Tuesday, 22 January 2013

Idel on Ars Combinatoria and the Kabbalah that I love


There are many streams of Kabbalah. Many ways to divide up a vast body of knowledge. The spotlight of in-vogue research, writing and practice has focused on a few of those streams. For example theoretical Kabbalah based around the Zohar, path working based around the Ten Sefirot on the Tree of Life glyph, working with angels - all these are in the more popular streams.

Manipulating the Hebrew letters as detailed in Sefer Yetzirah and ecstatic Kabbalah of Abraham Abulafia - these are less popular (although the latter is growing in recent decades). It is this category that fascinates me, that drives me onwards to study and grow. Rather than try to elaborate on this stream of Kabbalah, you would do much better listening to an academic who is leading his field.

A couple of years ago I had the privilege of hearing Professor Moshe Idel give a lecture in Oxford. Unfortunately I was only able to attend one lecture and not the other 2 parts of the lecture. However, since they are available on-line I listened to them again last week.

The lectures were sponsored by the Berendel Foundation. Here are the links:

Lecture 1: Sefer Yetzirah and its Commentaries
‘Sefer Yetzirah and its Commentaries: A major source for ars combinatoria’
Introduced by Prof. Robert Evans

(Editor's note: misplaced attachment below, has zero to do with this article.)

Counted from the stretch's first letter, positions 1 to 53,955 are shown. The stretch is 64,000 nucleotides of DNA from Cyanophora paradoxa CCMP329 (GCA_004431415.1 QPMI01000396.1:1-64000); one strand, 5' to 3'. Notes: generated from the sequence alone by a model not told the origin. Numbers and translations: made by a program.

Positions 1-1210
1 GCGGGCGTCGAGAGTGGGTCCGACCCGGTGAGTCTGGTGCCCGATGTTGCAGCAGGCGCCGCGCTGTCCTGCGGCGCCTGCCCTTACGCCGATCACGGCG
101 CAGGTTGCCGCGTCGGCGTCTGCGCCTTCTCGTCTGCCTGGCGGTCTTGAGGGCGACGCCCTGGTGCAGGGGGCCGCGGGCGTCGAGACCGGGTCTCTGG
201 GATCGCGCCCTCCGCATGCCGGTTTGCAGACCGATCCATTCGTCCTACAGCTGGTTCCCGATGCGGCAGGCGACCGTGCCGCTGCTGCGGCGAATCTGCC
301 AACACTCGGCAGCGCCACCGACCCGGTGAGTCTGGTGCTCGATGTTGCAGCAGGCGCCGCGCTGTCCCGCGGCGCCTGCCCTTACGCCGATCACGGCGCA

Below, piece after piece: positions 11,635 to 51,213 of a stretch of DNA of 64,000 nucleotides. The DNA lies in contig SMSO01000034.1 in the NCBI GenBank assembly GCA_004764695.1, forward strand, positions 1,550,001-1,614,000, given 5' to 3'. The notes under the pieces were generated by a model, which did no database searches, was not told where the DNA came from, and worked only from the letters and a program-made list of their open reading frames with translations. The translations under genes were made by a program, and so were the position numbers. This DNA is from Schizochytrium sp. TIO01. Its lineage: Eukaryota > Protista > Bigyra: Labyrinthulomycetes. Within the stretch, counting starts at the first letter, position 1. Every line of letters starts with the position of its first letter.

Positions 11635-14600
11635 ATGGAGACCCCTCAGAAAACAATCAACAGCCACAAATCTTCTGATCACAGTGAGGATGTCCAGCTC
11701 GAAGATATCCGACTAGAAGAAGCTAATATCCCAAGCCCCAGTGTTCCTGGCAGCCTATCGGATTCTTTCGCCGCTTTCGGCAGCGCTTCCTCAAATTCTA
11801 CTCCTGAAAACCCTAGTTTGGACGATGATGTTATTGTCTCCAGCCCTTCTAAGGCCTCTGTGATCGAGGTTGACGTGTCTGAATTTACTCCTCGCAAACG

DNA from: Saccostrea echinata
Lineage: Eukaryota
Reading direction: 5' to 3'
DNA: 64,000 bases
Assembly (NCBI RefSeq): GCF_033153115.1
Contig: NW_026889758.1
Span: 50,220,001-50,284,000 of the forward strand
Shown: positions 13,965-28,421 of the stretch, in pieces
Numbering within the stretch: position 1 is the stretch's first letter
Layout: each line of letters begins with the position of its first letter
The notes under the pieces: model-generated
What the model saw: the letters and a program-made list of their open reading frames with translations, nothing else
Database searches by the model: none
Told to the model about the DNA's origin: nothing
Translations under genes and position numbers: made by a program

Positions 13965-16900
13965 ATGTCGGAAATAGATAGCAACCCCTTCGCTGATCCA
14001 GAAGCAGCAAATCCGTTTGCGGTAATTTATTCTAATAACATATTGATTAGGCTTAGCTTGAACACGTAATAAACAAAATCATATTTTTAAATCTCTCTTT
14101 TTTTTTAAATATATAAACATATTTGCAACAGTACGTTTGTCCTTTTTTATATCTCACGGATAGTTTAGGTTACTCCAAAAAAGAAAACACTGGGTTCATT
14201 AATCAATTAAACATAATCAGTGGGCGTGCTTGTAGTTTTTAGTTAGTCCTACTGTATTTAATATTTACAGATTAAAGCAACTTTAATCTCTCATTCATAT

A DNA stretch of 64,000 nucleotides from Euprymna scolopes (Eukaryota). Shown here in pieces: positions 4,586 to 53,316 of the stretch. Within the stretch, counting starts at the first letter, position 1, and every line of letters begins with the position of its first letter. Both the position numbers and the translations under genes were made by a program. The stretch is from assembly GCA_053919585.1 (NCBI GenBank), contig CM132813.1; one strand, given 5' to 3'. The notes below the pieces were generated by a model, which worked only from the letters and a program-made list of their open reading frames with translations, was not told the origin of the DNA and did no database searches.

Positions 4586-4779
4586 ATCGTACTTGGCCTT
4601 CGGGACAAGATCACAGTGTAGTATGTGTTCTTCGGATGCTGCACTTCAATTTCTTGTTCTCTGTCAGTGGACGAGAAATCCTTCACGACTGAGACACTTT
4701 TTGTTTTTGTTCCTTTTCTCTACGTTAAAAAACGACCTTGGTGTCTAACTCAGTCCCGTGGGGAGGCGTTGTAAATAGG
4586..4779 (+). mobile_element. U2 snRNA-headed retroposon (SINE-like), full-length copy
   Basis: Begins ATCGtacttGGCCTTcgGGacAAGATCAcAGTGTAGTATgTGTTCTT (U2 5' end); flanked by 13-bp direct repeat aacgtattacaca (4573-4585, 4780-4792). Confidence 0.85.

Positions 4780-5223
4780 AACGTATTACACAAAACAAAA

8 February, Faculty of History, University of Oxford
In collaboration with the MHRC and Oxford Centre for Jewish and Hebrew Studies

Lecture 2: Ars Combinatoria in Modern Times
‘Ars Combinatoria in Modern Times: Jacques Derrida, Umberto Eco, and Ioan P. Culianu’
Introduced by Dr. Joanna Weinberg
9 February, The David Patterson Seminar at Yarnton Manor
In collaboration with the Oxford Centre for Hebrew and Jewish Studies

Lecture 3: The Transition of Ars Combinatoria from Kabbalah to European Culture  
‘The Transition of Ars Combinatoria from Kabbalah to European Culture: Ramon Llull, Pseudo-Llull, and Giovanni Pico della Mirandola’
Introduced by Prof. David Norbrook
10 February, Merton College
In collaboration with the Centre for Early Modern Studies

 Foucault's Pendulum 
Lecture 2 makes a lot more sense if you have read Foucault's Pendulum by Umberto Eco. If you have not read this book yet, drop everything and get this book! It contains some very important lessons and warnings. Lecture 3 did not make as much sense to me as Lectures 1 and 2 - as I'm not yet familiar with the works of Lull and Pico della Mirandola.